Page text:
• On 24 June 1872, a service arriving from Bow came into collision with the buffers at the platform end at Fenchurch Street, resulting in injury to three passengers.[12]
    • On 17 August 1872, two people were injured when their service collided with an empty train being shunted out of a siding.[13]
    • On 2 September 1903, 11 passengers and one crew member were injured when a train hit the buffers as it arrived at Fenchurch Street.[14]
    • On 3 February 1912, approximately 86 people were injured when a train hit the buffers as it arrived at Fenchurch Street from Pitsea. It was estimated that 860 passengers were aboard at the time. Driver error and excessive speed were blamed for the incident.[15]
    • On 26 January 1927, 10 people were injured in a head-on collision and subsequent derailment caused by defects in the signal detection and signals at Fenchurch Street.[16]

    Services

    Since 1996 Fenchurch Street is served by the train operating company c2c owned by National Express, with services towards east London and south Essex. The typical off-peak service consists of eight trains per hour (tph) arriving and departing Fenchurch Street:

    tph Destination Route Stopping pattern
    2 Shoeburyness via Basildon not stopping at Limehouse, West Horndon or Pitsea
    2 Shoeburyness via Basildon all stations
    2 Southend Central via Ockendon all stations
    2 Grays via Rainham all stations

    During peak periods there is an increased service with additional trains operating between Laindon and Fenchurch Street whilst others run non-stop to and from Benfleet.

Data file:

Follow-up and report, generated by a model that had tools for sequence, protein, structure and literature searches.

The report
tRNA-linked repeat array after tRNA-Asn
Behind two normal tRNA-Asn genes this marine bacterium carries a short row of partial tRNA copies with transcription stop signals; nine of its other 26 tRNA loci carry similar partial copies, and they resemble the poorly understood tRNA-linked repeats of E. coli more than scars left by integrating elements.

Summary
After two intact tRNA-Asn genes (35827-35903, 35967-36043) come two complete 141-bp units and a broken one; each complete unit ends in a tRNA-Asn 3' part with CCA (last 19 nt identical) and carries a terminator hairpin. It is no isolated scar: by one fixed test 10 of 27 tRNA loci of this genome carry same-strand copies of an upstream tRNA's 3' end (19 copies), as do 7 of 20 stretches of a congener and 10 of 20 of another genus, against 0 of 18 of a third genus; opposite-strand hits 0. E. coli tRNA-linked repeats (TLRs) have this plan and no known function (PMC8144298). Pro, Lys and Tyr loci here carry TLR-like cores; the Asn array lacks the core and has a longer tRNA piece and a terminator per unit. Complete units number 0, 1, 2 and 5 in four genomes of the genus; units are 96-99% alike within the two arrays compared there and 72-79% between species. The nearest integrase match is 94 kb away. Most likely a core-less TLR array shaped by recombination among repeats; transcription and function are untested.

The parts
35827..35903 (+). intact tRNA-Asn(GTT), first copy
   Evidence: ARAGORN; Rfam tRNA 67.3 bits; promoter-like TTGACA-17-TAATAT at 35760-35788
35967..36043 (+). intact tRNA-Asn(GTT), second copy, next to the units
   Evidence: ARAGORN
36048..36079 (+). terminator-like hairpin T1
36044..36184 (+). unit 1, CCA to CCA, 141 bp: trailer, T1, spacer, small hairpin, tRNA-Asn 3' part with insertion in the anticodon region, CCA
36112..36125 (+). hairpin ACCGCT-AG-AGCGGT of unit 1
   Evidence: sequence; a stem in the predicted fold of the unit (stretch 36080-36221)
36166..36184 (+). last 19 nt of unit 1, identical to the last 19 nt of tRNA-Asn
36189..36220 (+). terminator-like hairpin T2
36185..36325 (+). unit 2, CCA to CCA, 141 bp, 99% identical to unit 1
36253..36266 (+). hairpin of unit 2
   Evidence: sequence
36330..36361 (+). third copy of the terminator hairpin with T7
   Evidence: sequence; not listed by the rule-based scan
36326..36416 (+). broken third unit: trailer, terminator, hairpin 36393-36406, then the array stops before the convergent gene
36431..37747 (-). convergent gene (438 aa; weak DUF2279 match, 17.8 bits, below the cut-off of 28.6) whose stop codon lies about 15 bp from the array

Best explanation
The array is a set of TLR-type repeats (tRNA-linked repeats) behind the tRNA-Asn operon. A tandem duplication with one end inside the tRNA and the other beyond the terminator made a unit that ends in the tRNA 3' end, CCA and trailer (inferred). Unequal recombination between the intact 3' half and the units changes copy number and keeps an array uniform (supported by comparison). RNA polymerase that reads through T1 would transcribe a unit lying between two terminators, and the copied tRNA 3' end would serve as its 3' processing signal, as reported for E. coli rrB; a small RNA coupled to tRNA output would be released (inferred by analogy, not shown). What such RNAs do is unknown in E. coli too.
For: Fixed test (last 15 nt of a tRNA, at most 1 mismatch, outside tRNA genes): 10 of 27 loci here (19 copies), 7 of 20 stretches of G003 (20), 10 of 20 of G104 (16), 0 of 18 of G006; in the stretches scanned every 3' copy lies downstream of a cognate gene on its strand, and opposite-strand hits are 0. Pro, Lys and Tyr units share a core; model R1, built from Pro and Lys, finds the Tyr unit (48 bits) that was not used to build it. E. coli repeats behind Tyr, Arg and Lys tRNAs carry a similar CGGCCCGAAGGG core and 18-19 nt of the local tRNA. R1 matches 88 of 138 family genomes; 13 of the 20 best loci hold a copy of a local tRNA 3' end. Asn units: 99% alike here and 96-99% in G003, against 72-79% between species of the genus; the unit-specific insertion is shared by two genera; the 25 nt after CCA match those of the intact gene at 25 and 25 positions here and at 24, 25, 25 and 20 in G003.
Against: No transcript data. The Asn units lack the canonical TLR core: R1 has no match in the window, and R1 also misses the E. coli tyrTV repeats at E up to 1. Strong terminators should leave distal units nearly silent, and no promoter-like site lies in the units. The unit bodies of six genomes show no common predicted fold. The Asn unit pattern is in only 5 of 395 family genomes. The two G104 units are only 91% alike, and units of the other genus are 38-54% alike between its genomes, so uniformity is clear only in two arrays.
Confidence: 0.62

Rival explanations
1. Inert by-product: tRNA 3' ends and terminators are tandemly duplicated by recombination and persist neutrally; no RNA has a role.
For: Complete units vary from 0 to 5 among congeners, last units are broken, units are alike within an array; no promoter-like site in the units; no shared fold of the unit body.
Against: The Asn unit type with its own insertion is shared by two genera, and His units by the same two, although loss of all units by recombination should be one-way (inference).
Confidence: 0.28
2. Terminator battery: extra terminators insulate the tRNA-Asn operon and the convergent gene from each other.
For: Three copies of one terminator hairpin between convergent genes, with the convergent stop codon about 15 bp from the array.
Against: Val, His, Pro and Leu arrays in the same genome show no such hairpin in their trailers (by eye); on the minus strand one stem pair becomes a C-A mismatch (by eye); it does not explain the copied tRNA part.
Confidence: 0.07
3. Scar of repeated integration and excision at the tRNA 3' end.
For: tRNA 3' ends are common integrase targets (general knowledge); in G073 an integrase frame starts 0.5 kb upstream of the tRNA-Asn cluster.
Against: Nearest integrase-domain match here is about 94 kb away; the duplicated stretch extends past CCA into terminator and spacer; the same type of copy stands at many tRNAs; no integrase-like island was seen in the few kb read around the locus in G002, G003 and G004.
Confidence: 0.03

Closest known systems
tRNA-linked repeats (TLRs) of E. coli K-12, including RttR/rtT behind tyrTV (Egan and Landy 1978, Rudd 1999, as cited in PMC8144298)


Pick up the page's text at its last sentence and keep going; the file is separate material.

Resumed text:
Connections

    London Buses route 40 serves the station.

    Cultural references

    • The name of the clothing brand Fenchurch is derived from the station.
    • In the Book Dracula, by Bram Stoker, Dr. John Seward and Mrs. Mina Harker take the Underground to Fenchurch Street after they have met for the first time.

    References

    1. ^ "Out of Station Interchanges" (MICROSOFT EXCEL). Transport for London. May 2010. Archived from the original on 2012-03-12. 
    2. ^ a b c d e f g h i j "Station usage estimates". Rail statistics. Office of Rail Regulation.  Please note: Some methodology may vary year on year.
    3. ^ "The National Heritage List for England". English Heritage. Retrieved 12 November 2012. 
    4. ^ "Station facilities for London Fenchurch Street". National Rail Enquiries. Retrieved 29 May 2013. 
    5. ^ "Stations Run by Network Rail". Network Rail. Retrieved 17 December 2014. 
    6. ^ "Commercial information". Our Stations. London: Network Rail. April 2014. Retrieved 17 December 2014. 
    7. ^ NetworkRail.co.uk – Fenchurch Street
    8. ^ "Economic influences on growth: Local transport". A History of the County of Essex: Volume 5. 1966. Retrieved 19 March 2008. 
    9. ^ McCarthy, Colin; McCarthy, David (2009). Railways of Britain – London North of the Thames. Hersham, Surrey: Ian Allan Publishing. p. 72. ISBN 978-0-7110-3346-7. 
    10. ^ http://www.railwaysarchive.co.uk/eventsummary.php?eventID=2368
    11. ^ http://www.railwaysarchive.co.uk/docsummary.php?docID=3876
    12. ^ http://www.railwaysarchive.co.uk/docsummary.php?docID=3335
    13. ^ http://www.railwaysarchive.co.uk/docsummary.php?docID=3376
    14. ^ http://www.railwaysarchive.co.uk/eventsummary.php?eventID=657
    15. ^ http://www.railwaysarchive.co.uk/docsummary.php?docID=1217
    16. ^ http://www.railwaysarchive.co.uk/eventsummary.php?eventID=659

    External links